Reasons (’75) – Incredibly, this all-time ballad featuring the best of Philip Bailey NEVER charted. Once again, a great remix made a slow EWF classic… a dance floor classic: “The Remix Original Demo Mix” (there’s a YouTube video of me playing it).

September (’78; #1 R&B/#8 Pop charts) – EWF’s intros were so good they always made you want to cut them in. “Do You Remember”!? A pattern here: superlative horns with a great rhythm foundation. My favorite version is the Danny Krivit Re-edit.

Getaway (’76; #1 R&B/#12 Pop/#12 Dance-Disco charts)“Let’s get-a-WAY…, let’s leave to-DAY”… I know – you know! One of THE best horn and drum sections struttin’ their stuff.

Let’s Groove (’81; #1 R&B/#3 Pop/#3 Dance-Disco charts) – What I love about so many EWF songs is their, “sing-ability”… a lost art today! Try the Restless Soul Inspiration Information Mix for a more contemporary feel.

Sun Goddess (’75; #20 R&B/#14 Dance-Disco charts) – with Ramsey Lewis. Listen to (and PLAY) the Live version! First the guitars, then the horn build… but it comes together with those haunting vocal chants, “Wayyy-O, bop-bop, way-O…”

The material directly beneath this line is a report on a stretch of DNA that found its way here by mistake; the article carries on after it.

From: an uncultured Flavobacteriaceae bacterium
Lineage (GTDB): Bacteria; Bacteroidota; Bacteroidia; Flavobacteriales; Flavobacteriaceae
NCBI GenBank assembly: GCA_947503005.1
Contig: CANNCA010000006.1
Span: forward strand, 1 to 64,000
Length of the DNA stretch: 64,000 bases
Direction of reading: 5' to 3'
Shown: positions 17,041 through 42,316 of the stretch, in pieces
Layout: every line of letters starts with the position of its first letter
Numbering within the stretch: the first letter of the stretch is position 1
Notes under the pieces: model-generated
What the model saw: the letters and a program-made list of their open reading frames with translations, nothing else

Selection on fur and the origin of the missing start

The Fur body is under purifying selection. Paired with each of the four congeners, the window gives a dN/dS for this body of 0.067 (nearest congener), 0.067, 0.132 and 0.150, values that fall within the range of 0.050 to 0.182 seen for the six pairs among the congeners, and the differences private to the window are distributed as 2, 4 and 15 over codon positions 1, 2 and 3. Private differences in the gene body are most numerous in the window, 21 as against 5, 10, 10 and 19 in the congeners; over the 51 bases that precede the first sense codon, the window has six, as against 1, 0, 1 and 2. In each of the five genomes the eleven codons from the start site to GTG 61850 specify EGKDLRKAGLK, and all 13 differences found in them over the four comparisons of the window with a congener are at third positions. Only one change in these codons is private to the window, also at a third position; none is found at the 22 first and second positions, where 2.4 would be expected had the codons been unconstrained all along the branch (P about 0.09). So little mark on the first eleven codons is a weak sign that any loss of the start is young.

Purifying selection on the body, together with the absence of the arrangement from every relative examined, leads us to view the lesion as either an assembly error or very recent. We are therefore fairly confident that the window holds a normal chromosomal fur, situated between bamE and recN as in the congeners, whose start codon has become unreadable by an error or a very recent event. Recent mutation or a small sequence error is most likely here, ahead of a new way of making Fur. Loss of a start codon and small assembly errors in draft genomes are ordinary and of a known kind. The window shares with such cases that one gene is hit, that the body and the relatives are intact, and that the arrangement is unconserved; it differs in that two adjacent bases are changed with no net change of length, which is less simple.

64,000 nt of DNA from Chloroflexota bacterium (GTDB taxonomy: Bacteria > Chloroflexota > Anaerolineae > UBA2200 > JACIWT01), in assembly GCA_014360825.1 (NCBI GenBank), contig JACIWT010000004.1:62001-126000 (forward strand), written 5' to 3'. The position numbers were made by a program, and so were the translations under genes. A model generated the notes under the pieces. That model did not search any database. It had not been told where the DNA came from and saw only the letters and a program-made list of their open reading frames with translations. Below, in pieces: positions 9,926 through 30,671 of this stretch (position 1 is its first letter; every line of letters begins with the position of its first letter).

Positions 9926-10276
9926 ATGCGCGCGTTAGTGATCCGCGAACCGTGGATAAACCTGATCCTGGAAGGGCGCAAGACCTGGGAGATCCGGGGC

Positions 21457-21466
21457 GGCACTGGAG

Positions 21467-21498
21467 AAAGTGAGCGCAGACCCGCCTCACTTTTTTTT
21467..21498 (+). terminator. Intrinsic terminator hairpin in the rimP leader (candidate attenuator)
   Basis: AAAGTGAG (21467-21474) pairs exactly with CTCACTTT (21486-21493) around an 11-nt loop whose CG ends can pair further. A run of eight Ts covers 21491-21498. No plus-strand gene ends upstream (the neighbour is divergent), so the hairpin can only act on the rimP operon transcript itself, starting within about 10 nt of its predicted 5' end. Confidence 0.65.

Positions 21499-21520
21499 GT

Evil (’73; #25 R&B/#50 Pop charts) – You hear the thunder… it might be Chaka and “Clouds” but the percussion and kalimba sets you straight!

Brazilian Rhyme (’77) – A scatty hum-along that sidles in the jazzy-funk zone. This gained momentum courtesy of samples from tastemakers such as A Tribe Called Quest, Byron Stingly, and Fugees. Find “Ponta De Areia – Brazilian Rhyme (Interlude) (Unreleased)” – a reprise-filled nugget of musical genius.

Mom (’72) – Timmy Regisford & Adam Rios’ Remix breathes life into a rare gem.

Interlude (not tellin’) – 23 seconds of instrumental joy and vocal serendipity!

Kalimba Story (’74; #6 R&B/#55 Pop charts) – A great example of EWF’s trademark kalimba.

Bad Tune (’71) – Diggers, if you have this eponymous LP with the cool art cover AND sepia-colored poster inside you get my props!